There once were three blind men walking on three separate roads, all of which ended upon at the same intersection. In the middle of the crossing sat an elephant, patiently waiting with its handler to go join into a circus which had arrived in town that very day. The first blind man who happened upon the elephant walked right into one of its legs.
“What is this, that’s blocking my way?” he cried indignantly. Apologizing profusely, the handler explained that it was an elephant. “An elephant? I’ve never seen an elephant before, let me take a good look with my hands.” With that the first blind man proceeded to feel all around the leg of the beast until he was satisfied. “Ah, so that is what an elephant is.” With a nod, he moved onward towards his destination.
The second blind man soon happened upon the intersection and he, too, was stopped by the presence of the elephant. Only the road he was on took him face first into the elephant’s trunk.
“What is this! What’s here that’s hindering my way?” Again, the embarrassed handler quickly apologized and explained once more that it was an elephant. “Ah, an elephant. Yes, yes of course I know what an elephant is. But just to be sure…” lied the second blind man, as he quickly placed his hands upon the elephant’s trunk, feeling the length of it as the elephant reached out to sniff him curiously. “Right, right, the elephant, it is just as I’d thought.” And, feeling self-satisfied, he moved on as well.
A third blind man walking on his own path was the last to be stopped, only he had the misfortune of walking smack dab into the elephant’s butt.
“Ouch! What is the meaning of this, placing such an obstacle in the good fellow’s path?” The handler, running around to help the third blind man up, piteously explained that it was an elephant, and that he promised he would move it right away. “An elephant!” raged the third blind man indignantly, instinctively reaching out to get a feel for the creature. His fingers happened upon the elephant’s tail, stroking the thin appendage ending in its plume of hair. “This is a strange creature you have here indeed, this elephant as you say. Well whatever the case get it out of my way!” Huffing angrily, the third blind man walked on, still cursing silently under his breath.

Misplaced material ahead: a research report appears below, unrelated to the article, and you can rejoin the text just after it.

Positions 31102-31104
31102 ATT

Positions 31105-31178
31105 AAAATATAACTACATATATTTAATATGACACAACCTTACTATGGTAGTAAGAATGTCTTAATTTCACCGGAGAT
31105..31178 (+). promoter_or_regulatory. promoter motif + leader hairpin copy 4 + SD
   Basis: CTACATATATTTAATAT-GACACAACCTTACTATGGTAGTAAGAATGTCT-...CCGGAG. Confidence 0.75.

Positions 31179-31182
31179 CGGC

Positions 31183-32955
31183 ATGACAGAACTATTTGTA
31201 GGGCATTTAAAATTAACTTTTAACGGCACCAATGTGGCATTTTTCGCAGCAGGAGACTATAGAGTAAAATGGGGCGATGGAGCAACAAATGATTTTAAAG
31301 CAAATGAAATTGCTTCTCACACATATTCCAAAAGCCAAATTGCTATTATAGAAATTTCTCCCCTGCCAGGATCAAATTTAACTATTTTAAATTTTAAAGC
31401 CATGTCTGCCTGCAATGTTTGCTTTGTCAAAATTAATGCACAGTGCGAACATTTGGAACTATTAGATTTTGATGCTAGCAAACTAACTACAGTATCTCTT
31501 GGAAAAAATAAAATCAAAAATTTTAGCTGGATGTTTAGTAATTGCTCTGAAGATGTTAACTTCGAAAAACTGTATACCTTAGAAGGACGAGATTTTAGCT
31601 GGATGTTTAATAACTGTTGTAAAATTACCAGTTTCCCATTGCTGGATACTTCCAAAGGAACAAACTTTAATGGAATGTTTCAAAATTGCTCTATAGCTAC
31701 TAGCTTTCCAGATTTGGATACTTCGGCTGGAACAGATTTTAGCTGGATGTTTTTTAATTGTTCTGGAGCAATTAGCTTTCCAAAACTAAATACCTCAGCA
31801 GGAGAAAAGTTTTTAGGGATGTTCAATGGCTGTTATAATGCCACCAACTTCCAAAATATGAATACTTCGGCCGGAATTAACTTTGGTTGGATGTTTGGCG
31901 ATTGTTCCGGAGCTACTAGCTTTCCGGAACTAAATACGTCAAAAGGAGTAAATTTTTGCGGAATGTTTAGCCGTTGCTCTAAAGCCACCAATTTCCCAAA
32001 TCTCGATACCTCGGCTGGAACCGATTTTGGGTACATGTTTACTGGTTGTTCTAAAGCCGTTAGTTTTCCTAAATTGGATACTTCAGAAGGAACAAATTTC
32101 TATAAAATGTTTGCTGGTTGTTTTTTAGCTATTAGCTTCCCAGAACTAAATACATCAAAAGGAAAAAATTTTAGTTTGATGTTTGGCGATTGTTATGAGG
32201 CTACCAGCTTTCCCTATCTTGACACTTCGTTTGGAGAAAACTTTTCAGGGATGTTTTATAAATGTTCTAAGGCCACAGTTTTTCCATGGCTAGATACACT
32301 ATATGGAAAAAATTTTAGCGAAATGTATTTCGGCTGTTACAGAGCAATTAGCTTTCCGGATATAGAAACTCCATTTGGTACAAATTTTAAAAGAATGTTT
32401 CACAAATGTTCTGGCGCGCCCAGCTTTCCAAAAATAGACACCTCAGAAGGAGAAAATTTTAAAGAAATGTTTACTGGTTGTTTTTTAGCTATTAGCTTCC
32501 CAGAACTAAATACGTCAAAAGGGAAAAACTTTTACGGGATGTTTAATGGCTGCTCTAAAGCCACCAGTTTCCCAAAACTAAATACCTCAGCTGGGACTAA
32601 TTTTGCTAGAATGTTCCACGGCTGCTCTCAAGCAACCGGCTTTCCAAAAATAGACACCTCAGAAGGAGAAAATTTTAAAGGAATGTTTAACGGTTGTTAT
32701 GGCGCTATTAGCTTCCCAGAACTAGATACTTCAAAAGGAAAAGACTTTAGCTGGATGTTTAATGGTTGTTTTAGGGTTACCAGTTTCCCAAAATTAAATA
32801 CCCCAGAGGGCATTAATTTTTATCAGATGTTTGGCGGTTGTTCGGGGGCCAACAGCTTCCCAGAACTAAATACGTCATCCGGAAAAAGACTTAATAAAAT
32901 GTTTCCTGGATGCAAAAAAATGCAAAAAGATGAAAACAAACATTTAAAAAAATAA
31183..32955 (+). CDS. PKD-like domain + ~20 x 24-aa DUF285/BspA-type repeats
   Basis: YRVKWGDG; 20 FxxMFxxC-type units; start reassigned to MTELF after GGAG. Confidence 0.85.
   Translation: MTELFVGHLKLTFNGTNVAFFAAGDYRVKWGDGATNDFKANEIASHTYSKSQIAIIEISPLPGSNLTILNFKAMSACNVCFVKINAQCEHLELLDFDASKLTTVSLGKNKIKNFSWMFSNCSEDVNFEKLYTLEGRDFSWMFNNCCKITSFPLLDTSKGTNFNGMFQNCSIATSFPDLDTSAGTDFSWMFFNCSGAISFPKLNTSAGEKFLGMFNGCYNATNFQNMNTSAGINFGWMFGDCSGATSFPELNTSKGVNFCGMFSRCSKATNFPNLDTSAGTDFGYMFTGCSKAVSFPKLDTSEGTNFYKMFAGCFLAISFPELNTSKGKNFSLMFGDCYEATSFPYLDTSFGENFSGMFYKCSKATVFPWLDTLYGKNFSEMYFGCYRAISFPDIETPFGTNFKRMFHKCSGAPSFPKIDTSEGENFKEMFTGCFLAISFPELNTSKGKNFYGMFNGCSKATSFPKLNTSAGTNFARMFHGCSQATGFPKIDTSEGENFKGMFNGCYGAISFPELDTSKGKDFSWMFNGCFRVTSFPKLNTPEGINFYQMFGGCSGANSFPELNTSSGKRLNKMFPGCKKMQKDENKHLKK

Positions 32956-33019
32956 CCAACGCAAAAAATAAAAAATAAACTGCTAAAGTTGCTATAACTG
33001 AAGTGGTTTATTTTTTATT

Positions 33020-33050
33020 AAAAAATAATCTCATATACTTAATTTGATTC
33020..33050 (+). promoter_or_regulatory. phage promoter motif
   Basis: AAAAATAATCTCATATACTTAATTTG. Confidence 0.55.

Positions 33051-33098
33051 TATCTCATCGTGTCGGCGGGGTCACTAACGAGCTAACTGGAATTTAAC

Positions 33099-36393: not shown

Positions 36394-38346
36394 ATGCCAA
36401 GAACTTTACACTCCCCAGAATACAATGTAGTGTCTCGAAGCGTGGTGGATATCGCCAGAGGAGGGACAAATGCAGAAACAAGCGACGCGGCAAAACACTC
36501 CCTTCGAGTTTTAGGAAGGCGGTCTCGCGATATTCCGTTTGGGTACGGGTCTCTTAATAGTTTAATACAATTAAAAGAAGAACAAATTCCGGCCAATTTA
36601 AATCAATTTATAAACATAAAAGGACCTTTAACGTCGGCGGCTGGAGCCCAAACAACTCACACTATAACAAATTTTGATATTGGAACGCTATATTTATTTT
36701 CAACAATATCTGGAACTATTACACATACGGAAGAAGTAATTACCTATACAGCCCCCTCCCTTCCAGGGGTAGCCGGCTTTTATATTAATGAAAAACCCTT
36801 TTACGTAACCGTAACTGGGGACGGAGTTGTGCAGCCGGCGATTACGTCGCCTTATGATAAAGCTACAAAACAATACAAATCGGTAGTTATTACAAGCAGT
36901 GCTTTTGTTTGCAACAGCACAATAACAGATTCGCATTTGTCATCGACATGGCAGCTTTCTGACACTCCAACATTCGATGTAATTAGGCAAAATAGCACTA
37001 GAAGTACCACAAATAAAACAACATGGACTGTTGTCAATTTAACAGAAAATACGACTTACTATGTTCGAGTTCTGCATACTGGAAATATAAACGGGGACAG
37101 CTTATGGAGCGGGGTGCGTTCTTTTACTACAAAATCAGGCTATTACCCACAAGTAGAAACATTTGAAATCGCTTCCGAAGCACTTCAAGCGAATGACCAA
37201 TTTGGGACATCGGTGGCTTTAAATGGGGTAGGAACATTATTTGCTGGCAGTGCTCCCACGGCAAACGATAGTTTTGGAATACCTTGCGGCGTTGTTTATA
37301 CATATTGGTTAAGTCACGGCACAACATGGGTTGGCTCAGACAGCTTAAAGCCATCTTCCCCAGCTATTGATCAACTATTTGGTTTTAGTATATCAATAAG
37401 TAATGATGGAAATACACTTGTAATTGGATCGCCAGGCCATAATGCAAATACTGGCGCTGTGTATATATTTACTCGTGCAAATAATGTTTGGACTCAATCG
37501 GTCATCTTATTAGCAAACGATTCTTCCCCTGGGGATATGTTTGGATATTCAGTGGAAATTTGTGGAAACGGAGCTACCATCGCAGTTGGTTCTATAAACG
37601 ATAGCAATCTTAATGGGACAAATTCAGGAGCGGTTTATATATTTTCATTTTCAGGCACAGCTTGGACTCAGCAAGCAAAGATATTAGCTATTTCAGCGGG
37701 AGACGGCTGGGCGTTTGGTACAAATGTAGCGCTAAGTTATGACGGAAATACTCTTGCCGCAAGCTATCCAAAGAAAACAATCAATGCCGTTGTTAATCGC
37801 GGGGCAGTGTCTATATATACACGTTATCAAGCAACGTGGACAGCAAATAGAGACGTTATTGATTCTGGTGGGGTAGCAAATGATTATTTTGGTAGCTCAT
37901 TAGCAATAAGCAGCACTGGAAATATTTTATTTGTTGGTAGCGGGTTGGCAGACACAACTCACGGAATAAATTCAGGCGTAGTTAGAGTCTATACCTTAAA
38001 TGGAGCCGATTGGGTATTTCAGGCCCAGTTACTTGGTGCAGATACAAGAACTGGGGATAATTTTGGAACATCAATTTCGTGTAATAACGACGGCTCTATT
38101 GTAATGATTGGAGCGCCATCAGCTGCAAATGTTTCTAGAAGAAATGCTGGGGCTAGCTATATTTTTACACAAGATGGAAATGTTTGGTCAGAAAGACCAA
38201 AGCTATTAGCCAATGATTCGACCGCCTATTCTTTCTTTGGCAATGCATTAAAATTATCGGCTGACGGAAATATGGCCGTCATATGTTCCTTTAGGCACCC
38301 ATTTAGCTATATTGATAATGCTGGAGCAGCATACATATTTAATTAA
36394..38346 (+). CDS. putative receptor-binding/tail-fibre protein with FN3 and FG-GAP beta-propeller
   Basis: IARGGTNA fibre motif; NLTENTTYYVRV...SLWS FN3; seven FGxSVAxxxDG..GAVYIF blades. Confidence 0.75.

Later that evening at the circus performance, the three bind men were all sitting together taking in the show. A transcriber sat nearby, describing the scene of events for them as they unfolded, when suddenly the elephant appeared. At the sound of its name, the first blind man perked up. “Why yes, the elephant, I know the creature well. It is thick, and sturdy, built like the trunk of a tree.”
“Are you mad?” interjected the second blind man, “I know the elephant too, and it is nothing like a tree trunk. It is thin, and long, and moves with the rhythm of a snake.”
“Crazy, the both of you!” laughed the third blind man patronizingly, “you are all wrong. I have met an actual elephant, and I can tell you it isn’t anything like what either of you have described. The elephant is thin, with a plume of hair, reminiscent of a broom. You fellows have clearly no idea what you are talking about!”
And so, the three blind men continued to argue with each other into the night over the form of the elephant, while the poor transcriber sat dumbstruck, unsure of how to break the news to either them that they were all, in effect, wrong.